To learn more about what is involved in LASIK monovision eye surgery, other monovision options, and the potential problems caused by monovision surgery, read the sections below.
What is Monovision?
Monovision eye surgery is an effective way to treat presbyopia, the age-related farsightedness that requires most people over the age of 40 to use reading glasses from time to time. Most people choose to correct their vision with bifocal glasses or bifocal contact lenses. However, monovision eye surgery is growing in popularity as a way to combat presbyopia without the need for contacts or glasses.
Many people with presbyopia are unsure what monovision is. Monovision is a procedure that corrects one eye for distance vision, while correcting the other eye for near vision. Because the dominant eye is treated for distance vision, the brain is easily able to compensate for the two different levels of correction.
There are several different methods of attaining monovision, including contact lenses, intraocular lenses, and LASIK monovision eye surgery. Your ophthalmologist can help you decide what the best choice is for your monovision procedure.
LASIK Monovision Surgery
Monovision LASIK surgery is the most recent development in presbyopia treatment. Rather than using glasses or contacts to achieve monovision, LASIK surgery can permanently correct one eye for distance vision and the other for near vision, allowing patients to reduce or eliminate their dependence on glasses and contacts.
During LASIK surgery for monovision, the surgeon uses a tiny blade to create a flap on the surface of the cornea, or clear front layer of the eye. Then, a laser is used to reshape the cornea so that it will focus light more efficiently. To complete LASIK monovision surgery, the corneal flap is put back into place.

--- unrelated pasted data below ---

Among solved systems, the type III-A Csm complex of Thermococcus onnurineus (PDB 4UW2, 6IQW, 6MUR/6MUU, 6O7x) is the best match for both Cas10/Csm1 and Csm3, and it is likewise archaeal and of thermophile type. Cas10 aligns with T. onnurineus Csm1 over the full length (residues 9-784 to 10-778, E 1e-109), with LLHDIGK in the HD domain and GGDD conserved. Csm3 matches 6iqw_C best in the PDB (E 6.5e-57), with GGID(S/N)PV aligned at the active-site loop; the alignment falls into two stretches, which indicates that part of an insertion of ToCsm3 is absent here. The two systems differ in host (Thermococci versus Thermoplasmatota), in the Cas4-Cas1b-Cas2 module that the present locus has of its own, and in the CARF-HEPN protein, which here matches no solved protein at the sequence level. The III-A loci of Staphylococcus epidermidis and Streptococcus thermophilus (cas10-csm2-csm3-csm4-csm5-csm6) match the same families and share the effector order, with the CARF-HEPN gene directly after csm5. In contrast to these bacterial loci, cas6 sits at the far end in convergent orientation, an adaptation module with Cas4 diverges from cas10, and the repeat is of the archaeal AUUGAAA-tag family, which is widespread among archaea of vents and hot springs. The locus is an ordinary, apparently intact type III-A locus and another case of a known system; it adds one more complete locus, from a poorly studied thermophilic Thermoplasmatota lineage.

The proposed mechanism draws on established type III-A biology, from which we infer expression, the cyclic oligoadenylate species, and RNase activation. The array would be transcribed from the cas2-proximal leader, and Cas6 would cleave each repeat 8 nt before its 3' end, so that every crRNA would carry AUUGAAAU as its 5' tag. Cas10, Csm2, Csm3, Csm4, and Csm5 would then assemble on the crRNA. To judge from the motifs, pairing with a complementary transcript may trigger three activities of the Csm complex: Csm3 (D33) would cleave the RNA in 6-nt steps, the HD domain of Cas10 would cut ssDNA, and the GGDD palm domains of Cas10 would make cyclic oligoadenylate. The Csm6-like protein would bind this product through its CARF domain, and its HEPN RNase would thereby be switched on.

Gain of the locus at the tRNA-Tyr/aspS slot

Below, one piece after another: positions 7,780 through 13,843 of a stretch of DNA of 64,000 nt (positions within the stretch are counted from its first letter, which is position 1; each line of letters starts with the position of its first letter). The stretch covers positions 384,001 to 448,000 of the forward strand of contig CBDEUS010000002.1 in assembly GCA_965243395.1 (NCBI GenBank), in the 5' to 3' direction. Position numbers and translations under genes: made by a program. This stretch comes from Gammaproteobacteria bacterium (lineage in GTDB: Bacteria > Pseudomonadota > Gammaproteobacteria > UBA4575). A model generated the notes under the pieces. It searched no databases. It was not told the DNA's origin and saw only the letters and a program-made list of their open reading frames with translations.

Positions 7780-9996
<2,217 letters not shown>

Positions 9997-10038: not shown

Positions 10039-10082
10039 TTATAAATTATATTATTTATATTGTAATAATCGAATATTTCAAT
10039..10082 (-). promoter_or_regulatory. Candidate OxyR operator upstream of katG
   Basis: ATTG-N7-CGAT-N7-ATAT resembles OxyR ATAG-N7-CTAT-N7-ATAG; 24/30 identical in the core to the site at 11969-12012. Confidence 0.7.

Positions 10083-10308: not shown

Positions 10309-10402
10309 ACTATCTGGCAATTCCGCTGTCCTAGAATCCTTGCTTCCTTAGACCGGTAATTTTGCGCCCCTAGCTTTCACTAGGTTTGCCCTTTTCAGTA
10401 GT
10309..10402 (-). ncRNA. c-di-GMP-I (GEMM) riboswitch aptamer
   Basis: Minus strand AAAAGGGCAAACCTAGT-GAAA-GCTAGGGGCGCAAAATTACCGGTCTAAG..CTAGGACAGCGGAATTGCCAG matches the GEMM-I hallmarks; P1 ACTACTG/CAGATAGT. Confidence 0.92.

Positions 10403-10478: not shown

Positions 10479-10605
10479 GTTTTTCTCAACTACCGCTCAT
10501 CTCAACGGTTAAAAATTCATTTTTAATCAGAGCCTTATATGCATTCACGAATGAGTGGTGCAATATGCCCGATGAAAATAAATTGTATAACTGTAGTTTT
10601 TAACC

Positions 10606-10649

Monovision vs. Bifocal Contacts
Bifocal contacts are recommended by some eye doctors for treatment of presbyopia. Before choosing a treatment method, patients should become familiar with the possible benefits of monovision eye surgery vs. bifocal contacts. Although bifocal contacts can help patients to see both near and far objects, they may be unable to accommodate other eyesight problems such as astigmatism. Because many people over the age of 40 have complex vision needs, you should talk to your doctor about both LASIK monovision surgery and bifocal contacts before deciding which solution is right for you.
As with any type of surgery, LASIK monovision surgery has some potential problems associated with it. Because the eyes are designed to work together to focus on objects, monovision may interfere somewhat with depth perception. Also, monovision eye surgery can cause reduced peripheral focus in certain circumstances, for instance when patients glance quickly at rear-view mirrors in the car.
Because monovision surgery is permanent, it is recommended that patients first try monovision with contact lenses to determine whether problems might occur. Though it takes a while to adjust to monovision after surgery, most people are pleased that they no longer have to rely on reading glasses or bifocals.
Seek a Monovision Specialist Through DocShop
The monovision information on this website should be used to gain a general understanding of the benefits and drawbacks of LASIK monovision eye surgery vs. bifocal contacts. To find out whether you are a good candidate for monovision surgery, it is recommended that you contact a qualified LASIK surgeon.